In the same window, choose the “Recording” tab. You will see a list of all of the recording devices available on your system. Right click on the device called “CABLE Output” and choose the option called “Set as Default Device.” Once you have done this, there will be a green checkmark on the “CABLE Output” device.
Now the VB CABLE Input is receiving audio, this will automatically go to the VB CABLE Output and that is what we set iVGA Pro to use for its audio source.
Now run iVGA Pro. At the bottom of the window, choose “CABLE Output” as the Audio Source.
Once that is selected, iVGA Pro will get its audio from VB Cable. Connect iVGA Pro into a TriCaster NET input. Now play something with audio on your system to make sure that TriCaster is receiving the signal. You will see the video and hear the audio from your computer in TriCaster.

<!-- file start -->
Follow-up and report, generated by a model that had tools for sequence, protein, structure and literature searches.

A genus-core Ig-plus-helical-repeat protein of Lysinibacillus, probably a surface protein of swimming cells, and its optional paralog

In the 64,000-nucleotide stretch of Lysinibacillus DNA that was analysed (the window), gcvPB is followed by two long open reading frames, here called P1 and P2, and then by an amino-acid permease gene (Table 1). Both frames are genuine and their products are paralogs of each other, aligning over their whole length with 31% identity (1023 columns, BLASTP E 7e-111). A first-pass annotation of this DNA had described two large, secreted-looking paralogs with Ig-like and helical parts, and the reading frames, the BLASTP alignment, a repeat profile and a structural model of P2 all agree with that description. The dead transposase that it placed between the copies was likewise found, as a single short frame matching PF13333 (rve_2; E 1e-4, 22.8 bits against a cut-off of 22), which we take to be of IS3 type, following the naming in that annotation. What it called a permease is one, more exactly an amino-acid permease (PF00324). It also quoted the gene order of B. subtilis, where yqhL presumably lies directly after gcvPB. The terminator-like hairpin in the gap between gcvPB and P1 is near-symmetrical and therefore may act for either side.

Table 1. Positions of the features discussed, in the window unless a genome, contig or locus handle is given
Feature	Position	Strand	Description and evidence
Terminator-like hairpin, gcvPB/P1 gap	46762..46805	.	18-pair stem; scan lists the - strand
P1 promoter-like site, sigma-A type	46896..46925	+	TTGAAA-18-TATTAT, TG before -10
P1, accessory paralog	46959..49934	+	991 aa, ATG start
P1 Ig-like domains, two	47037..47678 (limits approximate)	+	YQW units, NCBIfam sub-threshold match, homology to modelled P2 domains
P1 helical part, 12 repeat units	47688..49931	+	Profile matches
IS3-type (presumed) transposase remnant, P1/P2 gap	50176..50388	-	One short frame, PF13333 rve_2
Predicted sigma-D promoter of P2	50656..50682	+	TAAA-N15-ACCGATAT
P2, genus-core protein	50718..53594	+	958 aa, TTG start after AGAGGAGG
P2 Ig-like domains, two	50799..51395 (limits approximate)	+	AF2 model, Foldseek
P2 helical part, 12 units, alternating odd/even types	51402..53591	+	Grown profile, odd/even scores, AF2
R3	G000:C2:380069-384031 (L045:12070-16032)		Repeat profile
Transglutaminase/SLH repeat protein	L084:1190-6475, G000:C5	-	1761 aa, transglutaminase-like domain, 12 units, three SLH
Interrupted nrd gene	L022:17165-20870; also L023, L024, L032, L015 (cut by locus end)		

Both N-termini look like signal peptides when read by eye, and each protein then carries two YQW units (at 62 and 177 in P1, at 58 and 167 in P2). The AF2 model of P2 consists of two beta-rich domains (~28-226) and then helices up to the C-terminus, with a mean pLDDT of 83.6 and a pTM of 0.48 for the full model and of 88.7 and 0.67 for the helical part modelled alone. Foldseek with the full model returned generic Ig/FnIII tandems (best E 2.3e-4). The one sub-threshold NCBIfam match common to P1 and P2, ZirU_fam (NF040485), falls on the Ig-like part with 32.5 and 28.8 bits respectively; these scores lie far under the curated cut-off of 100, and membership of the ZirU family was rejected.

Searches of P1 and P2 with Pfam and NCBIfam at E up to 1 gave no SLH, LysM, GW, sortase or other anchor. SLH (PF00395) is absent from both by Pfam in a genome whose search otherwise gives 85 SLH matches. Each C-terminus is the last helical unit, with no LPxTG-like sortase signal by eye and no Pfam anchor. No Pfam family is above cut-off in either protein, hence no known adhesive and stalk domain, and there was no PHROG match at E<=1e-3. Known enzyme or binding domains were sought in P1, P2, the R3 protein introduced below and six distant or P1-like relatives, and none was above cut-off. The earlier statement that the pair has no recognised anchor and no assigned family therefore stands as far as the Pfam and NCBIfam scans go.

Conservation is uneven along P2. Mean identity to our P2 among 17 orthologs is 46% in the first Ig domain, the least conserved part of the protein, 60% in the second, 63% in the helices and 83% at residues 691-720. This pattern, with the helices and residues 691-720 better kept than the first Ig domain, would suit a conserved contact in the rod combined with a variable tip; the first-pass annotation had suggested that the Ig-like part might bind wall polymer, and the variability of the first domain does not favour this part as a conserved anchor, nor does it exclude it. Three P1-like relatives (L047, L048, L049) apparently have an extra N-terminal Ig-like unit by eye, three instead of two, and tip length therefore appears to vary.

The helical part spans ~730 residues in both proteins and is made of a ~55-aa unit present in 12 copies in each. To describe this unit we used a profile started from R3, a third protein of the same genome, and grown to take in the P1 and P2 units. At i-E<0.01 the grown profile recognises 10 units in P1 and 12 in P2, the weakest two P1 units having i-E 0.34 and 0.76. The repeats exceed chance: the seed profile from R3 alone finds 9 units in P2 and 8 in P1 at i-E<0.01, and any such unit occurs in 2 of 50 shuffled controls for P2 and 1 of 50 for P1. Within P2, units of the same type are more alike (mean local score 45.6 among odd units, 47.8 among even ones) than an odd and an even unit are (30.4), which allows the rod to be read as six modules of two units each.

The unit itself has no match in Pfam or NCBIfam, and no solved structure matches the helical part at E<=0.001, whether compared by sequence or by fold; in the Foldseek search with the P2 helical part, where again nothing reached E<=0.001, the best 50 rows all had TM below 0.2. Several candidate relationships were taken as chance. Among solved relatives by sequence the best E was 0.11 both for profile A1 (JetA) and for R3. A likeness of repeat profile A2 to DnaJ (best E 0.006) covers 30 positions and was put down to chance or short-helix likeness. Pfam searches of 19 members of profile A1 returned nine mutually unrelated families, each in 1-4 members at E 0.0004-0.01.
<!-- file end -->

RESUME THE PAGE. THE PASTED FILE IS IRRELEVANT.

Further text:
You are ready to use iVGA Pro with your computer audio!
When you are finished using iVGA Pro, you can set the default audio settings back to your Speaker and Microphone to get audio out of your soundcard like would normally happen.
Other iVGA Pro tips.
Use wired Gigabit Ethernet as your connection between the iVGA Pro client and the TriCaster when possible. While 802.11n WiFi is fast, it still isn’t as fast as Gigabit Ethernet. You will always get best performance when working with Gigabit Ethernet.
Internet Explorer 9 appears to play video/audio in sync better than some other browsers when using VAC. So if you are looking to play YouTube or other Flash clips though iVGA Pro and are running into sync issues, give IE9 a try.